Great Mississippi River Flood of Spring 2011


Comparing May 9, 2011 with May 4, 2012.  Photos by: Bill Borghoff

 

Meteorological/Hydrological Antecedent Conditions
River Stages, Records, and Impacts for the Mississippi River
          Tiptonville, TN
          Caruthersville, MO
          Osceola, AR
          Memphis, TN
          Tunica, MS
          Helena, AR
How this flood compared to previous events
Pictures



Meteorological/Hydrological Antecedent Conditions

Significant Upper Midwest Snowpack

The prevailing weather pattern of winter 2010/2011 featured a trough over the Plains and Upper Midwest, bringing a storm track through the center of the nation. This led to an anomalously high number of powerful winter storms across the Upper Midwest.   Many cities near the headwaters of the Mississippi River in Minnesota and across much of the western Great Lakes and Upper Midwest experienced 50 to 75% higher than normal seasonal snowfall. 

The Groundhog Day Blizzard was the most powerful of winter storms to impact that region.  The storm began across the Southern Plains on February 1st, where it dropped 1 to 2 feet of snow across Texas, Oklahoma, and Missouri. The largest snow amounts occurred across northern Illinois and southern Wisconsin on the 2nd.  At Chicago's O’Hare Airport, the 20.2 inches of snow was the third largest storm accumulation ever recorded for the city.  Racine, Wisconsin observed 26 inches of snow during the event, breaking the city’s 48-hour and 72-hour snowfall records.  The storm left a snow depth of 2 to 3 feet over an expansive area across the Mid Mississippi Valley and western Great Lakes.

The snowpack melted in late February and March when it drained down the Mississippi River.  Mostly minor flooding occurred along the Mississippi in the Midsouth with this spring thaw without creating too many problems.  However, as the hydrographs indicate, this first round was slow to recede and the events leading up to the catastrophic event were worse because of the already swollen river and its tributaries. 

April 2011 Excessive Rainfall

A very stagnant pattern and a quasi-stationary front along the Ohio River basin persisted for the last half of April 2011.  Deep tropical moisture surged northward, intersecting this boundary and transient weather disturbances.  The result were numerous large thunderstorm complexes propagating across eastern Oklahoma, Arkansas, southern Missouri, western Tennessee, and northeast along the entire Ohio River basin, leaving considerable rainfall totals.  Widespread amounts ranged from 15 to 20 inches, but localized areas in southeast Missouri recorded more than two feet of rain.

Because such excessive rain fell across the entire Ohio Valley and Mid Mississippi Valleys, incredible amounts of water built up in these river basins and set the stage for record flooding and billions of dollars worth of damage.  The period of March through May 2011 was the wettest on record for much of the Ohio Valley.


Click the following images to enlarge:

april precip map
April 2011 Rainfall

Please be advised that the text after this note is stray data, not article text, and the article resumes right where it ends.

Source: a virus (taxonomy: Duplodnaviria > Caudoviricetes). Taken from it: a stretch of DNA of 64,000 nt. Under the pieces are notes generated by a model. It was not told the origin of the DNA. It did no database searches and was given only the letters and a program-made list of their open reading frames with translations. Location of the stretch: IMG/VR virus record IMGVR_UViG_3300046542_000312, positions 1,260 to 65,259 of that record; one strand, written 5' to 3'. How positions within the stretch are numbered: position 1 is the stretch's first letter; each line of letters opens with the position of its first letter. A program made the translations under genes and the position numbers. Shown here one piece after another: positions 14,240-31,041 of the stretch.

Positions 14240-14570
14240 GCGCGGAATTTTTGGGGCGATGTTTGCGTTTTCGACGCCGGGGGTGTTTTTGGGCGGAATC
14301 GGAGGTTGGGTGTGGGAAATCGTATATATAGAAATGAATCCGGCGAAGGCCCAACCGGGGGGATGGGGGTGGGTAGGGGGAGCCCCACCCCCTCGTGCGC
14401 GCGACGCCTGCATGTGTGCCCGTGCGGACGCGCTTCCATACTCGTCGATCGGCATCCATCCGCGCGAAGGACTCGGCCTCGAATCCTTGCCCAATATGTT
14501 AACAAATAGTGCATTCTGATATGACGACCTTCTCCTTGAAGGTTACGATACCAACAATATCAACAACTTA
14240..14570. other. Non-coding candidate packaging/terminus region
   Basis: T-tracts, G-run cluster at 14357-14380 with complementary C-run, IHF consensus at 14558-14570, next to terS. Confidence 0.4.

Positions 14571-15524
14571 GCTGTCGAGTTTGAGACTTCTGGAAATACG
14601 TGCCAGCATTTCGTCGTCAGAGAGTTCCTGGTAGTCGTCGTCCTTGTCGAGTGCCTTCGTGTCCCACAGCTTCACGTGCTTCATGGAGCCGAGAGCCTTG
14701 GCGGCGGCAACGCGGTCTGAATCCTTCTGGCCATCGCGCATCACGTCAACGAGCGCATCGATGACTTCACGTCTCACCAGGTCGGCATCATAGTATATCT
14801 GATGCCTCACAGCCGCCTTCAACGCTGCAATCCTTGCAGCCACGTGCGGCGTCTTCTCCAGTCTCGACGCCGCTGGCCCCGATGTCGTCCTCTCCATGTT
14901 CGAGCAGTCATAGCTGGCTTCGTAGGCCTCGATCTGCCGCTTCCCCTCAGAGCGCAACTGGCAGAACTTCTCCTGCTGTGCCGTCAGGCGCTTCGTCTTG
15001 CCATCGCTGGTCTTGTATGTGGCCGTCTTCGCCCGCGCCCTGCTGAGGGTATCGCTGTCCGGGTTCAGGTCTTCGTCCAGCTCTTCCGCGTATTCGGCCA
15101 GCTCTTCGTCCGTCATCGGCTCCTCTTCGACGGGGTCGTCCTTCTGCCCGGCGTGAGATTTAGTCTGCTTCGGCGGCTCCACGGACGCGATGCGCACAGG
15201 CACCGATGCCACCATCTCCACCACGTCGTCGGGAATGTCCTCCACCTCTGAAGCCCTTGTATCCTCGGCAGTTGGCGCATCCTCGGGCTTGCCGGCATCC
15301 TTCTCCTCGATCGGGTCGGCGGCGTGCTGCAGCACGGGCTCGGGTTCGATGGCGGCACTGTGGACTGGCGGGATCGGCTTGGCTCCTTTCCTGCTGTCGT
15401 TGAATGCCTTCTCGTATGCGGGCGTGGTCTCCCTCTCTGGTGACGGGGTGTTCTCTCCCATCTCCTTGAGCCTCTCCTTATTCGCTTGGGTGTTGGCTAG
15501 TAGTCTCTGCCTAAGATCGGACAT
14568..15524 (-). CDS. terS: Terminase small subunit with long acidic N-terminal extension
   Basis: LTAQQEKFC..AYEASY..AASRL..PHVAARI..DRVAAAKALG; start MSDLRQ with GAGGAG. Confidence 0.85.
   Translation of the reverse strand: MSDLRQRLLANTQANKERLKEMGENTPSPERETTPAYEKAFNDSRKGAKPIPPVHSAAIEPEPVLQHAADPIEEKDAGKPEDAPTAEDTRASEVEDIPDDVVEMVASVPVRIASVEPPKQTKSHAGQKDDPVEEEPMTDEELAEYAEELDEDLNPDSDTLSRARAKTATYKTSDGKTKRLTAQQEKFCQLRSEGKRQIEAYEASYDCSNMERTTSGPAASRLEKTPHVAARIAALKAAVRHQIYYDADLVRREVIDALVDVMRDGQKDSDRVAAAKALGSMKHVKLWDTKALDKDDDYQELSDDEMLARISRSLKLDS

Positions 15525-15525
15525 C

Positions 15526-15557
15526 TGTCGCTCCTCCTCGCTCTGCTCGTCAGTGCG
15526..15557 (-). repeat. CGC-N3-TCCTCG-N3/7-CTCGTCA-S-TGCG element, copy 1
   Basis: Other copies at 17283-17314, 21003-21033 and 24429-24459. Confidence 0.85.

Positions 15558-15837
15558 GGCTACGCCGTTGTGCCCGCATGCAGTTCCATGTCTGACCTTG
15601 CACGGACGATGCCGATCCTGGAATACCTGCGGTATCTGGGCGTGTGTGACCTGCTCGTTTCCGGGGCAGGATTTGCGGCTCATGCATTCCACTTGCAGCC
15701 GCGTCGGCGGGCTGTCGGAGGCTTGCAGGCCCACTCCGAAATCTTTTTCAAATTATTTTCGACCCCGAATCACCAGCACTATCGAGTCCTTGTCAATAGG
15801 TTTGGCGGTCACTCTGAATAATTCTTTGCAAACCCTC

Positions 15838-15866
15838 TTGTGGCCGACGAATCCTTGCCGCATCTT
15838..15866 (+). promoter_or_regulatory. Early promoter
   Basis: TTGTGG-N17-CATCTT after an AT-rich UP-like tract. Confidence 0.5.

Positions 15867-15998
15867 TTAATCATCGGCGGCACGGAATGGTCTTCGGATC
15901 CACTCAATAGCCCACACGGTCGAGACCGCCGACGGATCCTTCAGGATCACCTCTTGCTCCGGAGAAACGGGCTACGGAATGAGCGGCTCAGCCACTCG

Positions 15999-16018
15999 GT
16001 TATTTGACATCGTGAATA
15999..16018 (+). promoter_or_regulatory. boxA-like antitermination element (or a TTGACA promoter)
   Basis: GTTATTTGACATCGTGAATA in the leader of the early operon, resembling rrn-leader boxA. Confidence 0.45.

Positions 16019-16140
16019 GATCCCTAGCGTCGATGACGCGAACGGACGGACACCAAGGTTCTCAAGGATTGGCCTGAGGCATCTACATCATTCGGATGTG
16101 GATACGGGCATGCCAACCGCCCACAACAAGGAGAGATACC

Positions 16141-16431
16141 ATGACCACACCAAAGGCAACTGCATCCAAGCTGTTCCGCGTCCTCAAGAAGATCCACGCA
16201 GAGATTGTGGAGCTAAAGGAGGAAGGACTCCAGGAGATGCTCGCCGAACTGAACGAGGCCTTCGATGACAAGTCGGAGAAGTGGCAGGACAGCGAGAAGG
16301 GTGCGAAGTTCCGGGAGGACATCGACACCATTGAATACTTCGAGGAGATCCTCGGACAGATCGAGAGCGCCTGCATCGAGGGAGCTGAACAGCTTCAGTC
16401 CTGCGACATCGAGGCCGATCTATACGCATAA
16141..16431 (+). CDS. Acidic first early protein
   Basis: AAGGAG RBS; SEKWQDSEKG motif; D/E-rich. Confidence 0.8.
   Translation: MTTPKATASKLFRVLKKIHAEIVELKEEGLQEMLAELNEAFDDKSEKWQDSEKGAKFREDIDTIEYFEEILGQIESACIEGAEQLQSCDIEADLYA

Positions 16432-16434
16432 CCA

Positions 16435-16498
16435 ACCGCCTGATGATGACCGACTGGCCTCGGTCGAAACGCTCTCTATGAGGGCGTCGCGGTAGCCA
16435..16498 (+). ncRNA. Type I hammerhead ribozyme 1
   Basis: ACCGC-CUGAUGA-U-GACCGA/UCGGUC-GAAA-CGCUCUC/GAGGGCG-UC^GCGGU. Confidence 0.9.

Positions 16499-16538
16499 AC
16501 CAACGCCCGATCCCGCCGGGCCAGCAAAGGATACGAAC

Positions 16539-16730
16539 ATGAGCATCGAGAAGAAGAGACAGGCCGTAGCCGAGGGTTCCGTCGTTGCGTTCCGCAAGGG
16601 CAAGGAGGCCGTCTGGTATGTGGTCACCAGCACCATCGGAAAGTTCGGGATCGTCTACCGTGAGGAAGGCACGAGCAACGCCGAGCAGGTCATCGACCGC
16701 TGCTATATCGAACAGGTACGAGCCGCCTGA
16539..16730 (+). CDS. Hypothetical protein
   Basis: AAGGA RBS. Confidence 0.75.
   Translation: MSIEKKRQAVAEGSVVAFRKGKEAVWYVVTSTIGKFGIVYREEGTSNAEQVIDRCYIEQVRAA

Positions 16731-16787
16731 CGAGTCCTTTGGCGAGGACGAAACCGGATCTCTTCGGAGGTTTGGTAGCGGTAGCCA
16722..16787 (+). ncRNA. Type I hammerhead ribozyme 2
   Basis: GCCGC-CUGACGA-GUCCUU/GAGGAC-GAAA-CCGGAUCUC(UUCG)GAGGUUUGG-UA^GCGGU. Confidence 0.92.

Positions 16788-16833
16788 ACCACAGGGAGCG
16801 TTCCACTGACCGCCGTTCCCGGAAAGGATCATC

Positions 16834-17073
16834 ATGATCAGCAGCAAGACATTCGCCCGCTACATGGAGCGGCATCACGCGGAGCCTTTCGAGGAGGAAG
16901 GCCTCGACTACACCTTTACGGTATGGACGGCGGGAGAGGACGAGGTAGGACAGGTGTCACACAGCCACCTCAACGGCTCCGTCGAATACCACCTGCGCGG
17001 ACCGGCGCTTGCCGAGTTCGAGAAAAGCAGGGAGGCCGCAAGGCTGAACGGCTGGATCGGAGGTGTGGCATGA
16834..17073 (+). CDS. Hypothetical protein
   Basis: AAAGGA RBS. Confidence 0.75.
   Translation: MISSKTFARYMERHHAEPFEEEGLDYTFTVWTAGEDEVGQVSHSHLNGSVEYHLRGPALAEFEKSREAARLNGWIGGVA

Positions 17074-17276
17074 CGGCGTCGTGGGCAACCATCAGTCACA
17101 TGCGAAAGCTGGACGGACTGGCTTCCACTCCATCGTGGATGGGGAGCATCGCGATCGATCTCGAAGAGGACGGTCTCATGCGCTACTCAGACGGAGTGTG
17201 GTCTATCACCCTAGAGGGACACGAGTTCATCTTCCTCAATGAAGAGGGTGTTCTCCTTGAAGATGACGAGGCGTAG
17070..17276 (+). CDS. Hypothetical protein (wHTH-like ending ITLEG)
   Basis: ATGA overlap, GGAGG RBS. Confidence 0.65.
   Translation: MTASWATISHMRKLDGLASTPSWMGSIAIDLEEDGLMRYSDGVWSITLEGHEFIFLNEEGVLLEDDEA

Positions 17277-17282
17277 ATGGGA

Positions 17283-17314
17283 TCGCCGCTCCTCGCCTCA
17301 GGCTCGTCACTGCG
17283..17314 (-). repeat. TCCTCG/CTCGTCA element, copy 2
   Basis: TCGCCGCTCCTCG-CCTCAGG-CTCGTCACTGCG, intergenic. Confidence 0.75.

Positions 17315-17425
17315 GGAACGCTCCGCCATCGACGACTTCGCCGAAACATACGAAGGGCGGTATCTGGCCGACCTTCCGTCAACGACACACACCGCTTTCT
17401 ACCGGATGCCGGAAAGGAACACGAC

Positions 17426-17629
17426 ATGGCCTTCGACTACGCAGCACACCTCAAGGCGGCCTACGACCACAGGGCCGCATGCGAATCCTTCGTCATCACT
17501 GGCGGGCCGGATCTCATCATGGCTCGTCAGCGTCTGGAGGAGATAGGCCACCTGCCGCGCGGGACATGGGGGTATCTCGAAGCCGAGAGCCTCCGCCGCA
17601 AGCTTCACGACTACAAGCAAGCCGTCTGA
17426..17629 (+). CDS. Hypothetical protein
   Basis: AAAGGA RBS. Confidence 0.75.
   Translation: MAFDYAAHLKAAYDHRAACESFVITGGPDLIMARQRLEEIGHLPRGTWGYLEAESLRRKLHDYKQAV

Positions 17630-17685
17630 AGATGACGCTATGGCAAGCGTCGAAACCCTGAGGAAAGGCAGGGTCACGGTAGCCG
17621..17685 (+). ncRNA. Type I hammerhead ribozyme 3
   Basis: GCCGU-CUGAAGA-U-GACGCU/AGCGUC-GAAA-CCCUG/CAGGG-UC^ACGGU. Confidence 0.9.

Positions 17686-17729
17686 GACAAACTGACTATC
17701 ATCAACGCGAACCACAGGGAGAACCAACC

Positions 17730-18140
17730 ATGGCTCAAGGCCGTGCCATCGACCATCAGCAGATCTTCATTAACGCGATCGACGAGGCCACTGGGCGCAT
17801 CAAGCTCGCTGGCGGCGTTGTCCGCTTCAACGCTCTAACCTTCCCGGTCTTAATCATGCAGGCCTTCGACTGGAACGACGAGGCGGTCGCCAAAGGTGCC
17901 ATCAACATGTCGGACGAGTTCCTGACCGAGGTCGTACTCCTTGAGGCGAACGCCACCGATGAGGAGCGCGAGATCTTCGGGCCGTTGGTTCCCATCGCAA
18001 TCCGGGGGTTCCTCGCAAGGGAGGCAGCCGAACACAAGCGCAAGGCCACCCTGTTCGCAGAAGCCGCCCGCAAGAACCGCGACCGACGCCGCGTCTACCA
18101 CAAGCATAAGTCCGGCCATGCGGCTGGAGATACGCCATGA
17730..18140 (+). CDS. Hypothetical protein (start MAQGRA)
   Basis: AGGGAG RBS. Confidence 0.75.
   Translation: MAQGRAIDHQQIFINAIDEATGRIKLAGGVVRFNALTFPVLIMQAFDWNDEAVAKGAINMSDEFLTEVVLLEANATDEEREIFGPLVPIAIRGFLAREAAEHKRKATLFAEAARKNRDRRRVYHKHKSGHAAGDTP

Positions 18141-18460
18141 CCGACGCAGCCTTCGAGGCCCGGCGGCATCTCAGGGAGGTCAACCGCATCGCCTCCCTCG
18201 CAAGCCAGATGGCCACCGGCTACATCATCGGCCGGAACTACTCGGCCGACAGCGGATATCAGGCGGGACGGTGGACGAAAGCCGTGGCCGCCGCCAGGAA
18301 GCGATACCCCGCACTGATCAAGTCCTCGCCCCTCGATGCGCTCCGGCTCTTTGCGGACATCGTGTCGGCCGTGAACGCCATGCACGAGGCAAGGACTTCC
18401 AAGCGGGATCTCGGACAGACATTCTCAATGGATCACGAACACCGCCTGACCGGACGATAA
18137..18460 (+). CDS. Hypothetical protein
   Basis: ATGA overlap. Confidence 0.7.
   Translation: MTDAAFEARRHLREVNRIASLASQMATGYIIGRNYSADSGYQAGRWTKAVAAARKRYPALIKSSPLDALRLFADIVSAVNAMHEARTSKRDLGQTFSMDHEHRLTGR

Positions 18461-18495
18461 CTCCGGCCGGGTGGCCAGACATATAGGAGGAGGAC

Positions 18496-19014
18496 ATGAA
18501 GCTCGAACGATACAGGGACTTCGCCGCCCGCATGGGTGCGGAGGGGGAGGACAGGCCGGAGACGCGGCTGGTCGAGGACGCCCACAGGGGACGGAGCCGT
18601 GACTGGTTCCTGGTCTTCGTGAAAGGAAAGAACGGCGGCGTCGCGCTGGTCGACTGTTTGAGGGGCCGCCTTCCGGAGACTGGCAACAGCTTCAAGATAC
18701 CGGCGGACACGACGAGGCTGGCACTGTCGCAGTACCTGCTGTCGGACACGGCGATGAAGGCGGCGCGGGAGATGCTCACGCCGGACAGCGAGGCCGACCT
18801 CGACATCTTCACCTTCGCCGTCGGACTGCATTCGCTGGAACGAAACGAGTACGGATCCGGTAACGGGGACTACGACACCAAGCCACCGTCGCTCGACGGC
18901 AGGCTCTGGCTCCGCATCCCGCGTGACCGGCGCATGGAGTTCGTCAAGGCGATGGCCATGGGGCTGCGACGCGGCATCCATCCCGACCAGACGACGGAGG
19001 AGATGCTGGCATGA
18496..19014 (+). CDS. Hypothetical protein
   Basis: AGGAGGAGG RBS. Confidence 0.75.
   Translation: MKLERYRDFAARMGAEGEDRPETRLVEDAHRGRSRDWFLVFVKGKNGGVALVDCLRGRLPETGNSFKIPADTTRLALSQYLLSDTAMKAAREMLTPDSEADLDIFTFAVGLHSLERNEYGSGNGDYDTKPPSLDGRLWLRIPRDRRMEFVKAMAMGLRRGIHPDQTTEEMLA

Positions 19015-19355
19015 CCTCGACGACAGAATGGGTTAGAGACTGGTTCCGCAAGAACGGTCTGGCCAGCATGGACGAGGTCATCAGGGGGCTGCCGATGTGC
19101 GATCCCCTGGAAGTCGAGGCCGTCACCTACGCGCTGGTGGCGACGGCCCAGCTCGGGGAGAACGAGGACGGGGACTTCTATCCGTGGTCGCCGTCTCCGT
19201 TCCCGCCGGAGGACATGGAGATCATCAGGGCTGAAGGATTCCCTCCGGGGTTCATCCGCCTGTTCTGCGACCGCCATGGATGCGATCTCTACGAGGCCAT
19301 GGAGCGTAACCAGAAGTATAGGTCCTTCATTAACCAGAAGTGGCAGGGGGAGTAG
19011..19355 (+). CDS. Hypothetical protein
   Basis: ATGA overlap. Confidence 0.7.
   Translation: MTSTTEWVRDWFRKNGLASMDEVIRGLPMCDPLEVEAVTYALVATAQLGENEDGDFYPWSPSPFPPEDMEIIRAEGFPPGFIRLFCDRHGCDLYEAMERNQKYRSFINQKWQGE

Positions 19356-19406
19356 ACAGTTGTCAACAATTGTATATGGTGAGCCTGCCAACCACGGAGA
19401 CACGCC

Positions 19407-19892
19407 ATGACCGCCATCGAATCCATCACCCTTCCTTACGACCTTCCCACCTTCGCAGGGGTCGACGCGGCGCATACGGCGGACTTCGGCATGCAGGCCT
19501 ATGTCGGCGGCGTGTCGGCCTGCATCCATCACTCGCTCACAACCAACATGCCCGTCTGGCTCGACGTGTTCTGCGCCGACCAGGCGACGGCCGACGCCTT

may precip map
May 2011 Rainfall
april precip anomaly map
April 2011 Rainfall Anomaly
may precip anomaly map
May 2011 Rainfall Anomaly


Below are selected rainfall totals for April 2011 through May 5, 2011:

Cape Girardeau, MO:   24.89 inches
Poplar Bluff, MO:           24.04 inches
Paducah, KY:                 21.81 inches
West Plains, MO:          18.68 inches
WFO Memphis:             17.96 inches
Harrison, AR:                 17.75 inches
Mountain Home, AR:    17.67 inches
Louisville, KY:                17.33 inches
Evansville, KY:               16.66 inches
Jackson, TN:                 15.90 inches
Memphis, TN:               15.84 inches
Dyersburg, TN:             15.18 inches
Cincinnati, OH:              14.58 inches
Batesville, AR:               14.22 inches
Jonesboro, AR:             13.93 inches



River Stages, Records, and Impacts for the Mississippi River

We examine the Mississippi River from north to south through the Midsouth. 

Note: the Memphis and Tunica gages malfunctioned due to the stage of the river near its crest.  The official stage was obtained later from watermarks.


Tiptonville, TN



Flood Categories (in feet)

Major Flood Stage: 47
Moderate Flood Stage: 45
Flood Stage: 37
Action Stage: 34

Historical Crests
(1) 48.35 ft on 05/05/2011
(2) 47.75 ft on 02/06/1937
(3) 46.00 ft on 05/29/1995
(4) 45.50 ft on 05/10/1983
(5) 45.10 ft on 04/03/1975

Impacts

Lake County:

A few homes along the river were flooded and sustained damage while additional homes in Tiptonville were flooded and sustained minor damage. Campgrounds at Reelfoot Lake were flooded. Several thousand acres of agriculture fields were flooded. Several roads were flooded and/or damaged. Lake County Airport was closed due to the flooding.

Total damages: $750,000


Caruthersville, MO



Flood Categories (in feet)

Major Flood Stage: 43
Moderate Flood Stage: 41
Flood Stage: 32
Action Stage: 29

Historical Crests
(1) 47.61 ft on 05/07/2011
(2) 46.00 ft on 02/05/1937
(3) 42.40 ft on 04/04/1975
(4) 42.40 ft on 04/03/1973
(5) 42.21 ft on 03/11/1997

Impacts

Pemiscot County:

The city of Caruthersville held back the river by reinforcing the flood wall with sandbags thus the city was able to stay mainly dry with the exception of a few streets that were flooded. However, surrounding areas were flooded including many agriculture fields and a few homes right along the river. The casino boat in Caruthersville was closed due to flooding. Barge traffic was closed for a short time on the river.